is the duty of the Brahmins to obtain such a grace for the benefit of
the society. It is the duty of the Brahmins to obtain the goodwill of
the Devatas, who are in the nature of God's officials, to men of

My comments: The Vedic Religion demands much higher standard of ethical
behavior from the Brahmins than by others.  They have to perform their
duties unselfishly for the benefit of the entire society.  It should be
pointed out that Paramacharya gave guidance and blessings to everyone
irrespective of race, caste and religion.  Mahatma Gandhi the modern
reformer of the Caste System in India has said during the conversation
with His Holiness in a goshala in Pallasseni village, Kerala, in 1929
just before his evening meal:  " The conversation I am having now with
the Acharya is itself my evening meal for to-day."

It is time for me to stop my remarks and control my desire for the
intellectual dialog.

Let me conclude with the following quotation from the book: Our Acharya
- Adi Sankaracharya - was a repository of the Dharma contained in the
Srutis, Smritis and PurAnAs. Hence we bow down to him with the following

  "Sruti Smrti PurAnAm Alayam karunAlayam
   Namami BhagavadpAda Sankaram lokasankaram"


The book contains a summary chart at the end of the book containing a
list of the sacred books using a broader classification of the Hindu

Classification of Vedas
Vedas - Rgveda, Yajurveda, SAmaveda, Atharvaveda

Subclassification of Vedas - VedaSAkhA, SamhitA/BrAhmana, Aranyaka and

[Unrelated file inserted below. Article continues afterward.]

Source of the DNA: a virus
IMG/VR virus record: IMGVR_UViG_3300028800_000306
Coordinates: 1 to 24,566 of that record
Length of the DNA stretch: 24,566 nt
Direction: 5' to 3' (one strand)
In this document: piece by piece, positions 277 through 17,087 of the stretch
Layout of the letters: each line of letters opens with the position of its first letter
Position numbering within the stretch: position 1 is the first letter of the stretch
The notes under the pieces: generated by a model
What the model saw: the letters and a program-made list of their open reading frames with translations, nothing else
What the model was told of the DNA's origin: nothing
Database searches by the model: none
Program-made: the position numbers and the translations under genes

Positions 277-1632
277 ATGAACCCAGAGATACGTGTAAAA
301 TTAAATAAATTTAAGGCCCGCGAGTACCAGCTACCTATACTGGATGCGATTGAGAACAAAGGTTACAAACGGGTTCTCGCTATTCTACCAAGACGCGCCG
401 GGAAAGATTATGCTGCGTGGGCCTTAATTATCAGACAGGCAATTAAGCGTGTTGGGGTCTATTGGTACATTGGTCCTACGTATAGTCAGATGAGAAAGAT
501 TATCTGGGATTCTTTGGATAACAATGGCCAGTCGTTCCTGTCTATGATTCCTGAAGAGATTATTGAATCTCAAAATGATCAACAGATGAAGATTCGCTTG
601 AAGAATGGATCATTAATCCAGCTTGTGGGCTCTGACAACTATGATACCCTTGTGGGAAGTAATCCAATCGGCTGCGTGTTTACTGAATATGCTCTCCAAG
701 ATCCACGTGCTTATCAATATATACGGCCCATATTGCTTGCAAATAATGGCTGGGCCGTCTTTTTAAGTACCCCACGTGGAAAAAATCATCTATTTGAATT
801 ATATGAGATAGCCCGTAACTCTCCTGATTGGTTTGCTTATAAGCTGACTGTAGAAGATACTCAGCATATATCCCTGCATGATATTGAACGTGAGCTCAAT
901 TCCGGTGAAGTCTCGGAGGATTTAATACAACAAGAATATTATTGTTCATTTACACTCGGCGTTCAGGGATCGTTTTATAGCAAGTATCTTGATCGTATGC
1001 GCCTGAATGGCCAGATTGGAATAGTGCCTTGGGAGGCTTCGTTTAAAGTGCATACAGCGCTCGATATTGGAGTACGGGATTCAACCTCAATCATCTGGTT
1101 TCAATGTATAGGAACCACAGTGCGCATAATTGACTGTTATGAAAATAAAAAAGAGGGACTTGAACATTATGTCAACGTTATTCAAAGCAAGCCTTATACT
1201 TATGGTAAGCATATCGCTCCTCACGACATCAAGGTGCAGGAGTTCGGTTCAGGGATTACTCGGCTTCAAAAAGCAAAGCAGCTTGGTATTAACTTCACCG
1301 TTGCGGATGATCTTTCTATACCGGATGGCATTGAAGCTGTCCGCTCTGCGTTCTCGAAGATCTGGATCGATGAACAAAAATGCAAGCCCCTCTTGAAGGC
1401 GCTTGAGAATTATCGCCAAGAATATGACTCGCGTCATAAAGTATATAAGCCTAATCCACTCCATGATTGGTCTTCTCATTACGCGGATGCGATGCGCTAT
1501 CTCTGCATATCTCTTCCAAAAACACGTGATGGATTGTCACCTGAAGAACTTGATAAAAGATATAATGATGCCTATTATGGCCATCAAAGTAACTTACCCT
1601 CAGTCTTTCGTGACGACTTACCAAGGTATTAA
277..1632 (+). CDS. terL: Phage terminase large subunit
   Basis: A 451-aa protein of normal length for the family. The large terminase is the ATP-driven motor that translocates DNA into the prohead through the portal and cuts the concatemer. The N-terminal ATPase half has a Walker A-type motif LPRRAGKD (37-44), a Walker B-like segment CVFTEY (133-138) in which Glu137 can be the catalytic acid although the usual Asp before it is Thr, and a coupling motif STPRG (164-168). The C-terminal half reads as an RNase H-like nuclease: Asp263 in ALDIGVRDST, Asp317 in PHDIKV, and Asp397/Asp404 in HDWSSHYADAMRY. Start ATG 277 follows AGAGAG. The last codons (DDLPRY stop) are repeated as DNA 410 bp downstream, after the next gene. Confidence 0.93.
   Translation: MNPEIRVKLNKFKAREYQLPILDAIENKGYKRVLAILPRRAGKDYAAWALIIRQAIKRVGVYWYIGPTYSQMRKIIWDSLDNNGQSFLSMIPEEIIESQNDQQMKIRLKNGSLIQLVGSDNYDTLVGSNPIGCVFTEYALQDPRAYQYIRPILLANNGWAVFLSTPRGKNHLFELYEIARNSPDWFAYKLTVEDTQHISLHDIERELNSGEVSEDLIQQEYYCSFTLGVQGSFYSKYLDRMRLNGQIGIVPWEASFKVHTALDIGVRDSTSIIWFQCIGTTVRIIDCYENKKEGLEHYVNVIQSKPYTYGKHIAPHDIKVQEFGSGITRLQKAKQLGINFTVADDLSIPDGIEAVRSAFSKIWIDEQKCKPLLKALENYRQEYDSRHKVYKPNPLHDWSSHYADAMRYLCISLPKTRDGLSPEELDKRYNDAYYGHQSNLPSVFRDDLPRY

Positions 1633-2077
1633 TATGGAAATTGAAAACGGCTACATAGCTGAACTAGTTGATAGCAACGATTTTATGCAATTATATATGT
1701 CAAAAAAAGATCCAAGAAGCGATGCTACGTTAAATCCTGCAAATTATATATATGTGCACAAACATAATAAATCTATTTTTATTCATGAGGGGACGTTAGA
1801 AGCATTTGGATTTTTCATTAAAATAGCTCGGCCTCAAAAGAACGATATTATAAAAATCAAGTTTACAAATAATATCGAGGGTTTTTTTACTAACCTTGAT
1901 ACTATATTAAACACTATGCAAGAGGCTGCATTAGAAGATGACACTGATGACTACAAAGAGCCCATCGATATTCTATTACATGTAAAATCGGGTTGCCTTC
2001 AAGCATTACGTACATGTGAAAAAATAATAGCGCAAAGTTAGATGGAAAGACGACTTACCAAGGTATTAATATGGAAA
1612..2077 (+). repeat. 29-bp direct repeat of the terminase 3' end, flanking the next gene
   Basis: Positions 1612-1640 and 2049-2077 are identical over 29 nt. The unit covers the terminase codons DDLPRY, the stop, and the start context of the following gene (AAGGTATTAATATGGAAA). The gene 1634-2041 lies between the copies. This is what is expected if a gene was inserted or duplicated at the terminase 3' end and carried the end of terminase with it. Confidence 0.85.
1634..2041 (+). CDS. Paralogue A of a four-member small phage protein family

Upanishad ( More details including the names of the Rishis associated
the subgroups are also included in the chart.

Vedangas - SiksA, VyAkarana, Chandas, Nirukta, Jyo'tisa, Kalpa
Upaangas - MimAmsA, nyaaya, PurAna, dharmaSAstra

The sacred books of Vedic religion

PrasthAAnatrayi - The Orthodox Hindu Texts on TatavjNAna- Metaphysics.

Text with Principal Commentaries:
Bhagavad Gita - Gitabhasya of Sankara, Gitabhasya of Ramanuja,
Gitabhasya of Madhvacharya, Jnanesvari of JNAnadev, Gitabhasya of
AnandaTirtha, Subodhini - SriDharabhasya

Upanishads (12): Sankarabhasya on 12 Upanishads, Anandatirthabhasya

Brahmasutras: Sarirakabhasya of Sankaracharya, Sribhasya of
Ramanujacarya, Sutrabhasya of Madhvacharya, NimhbArkAcharya,
VallabhAcharya, BaladevAcharya, SrikanthasivAcarya, Sripatipandita

Sub-commentraies (VyAkhyA, VarthikA, TikA:

Bhagavad Gita: AnandaGirivyAkhyA, gudArthadipika of
Madhusudhanasaravati, GitArthasangraha of Yamunacharya,
Tatprayachandrika of Desikar, GitatAt Paryanirnaya, GitavivrTTi of
Raghavendraswami, Amrtatarangini by Rahunathadas, JayatirthamunivyakhyA,
Gitrarhahsya of Tilak.

Upanishads: Suresvara's Yartika on tait and Brhd.Upanishad, Isopanishad
Bhasya by Vedantadesikar, Rangaramujamuni on

Brahmasutras (Sarirakabhaysa of Sankara): Vivrana School (Pancapadika &
Tattvadipana), Bhamati School (Bhamati, Kalpataru, Parimal, Abhoga),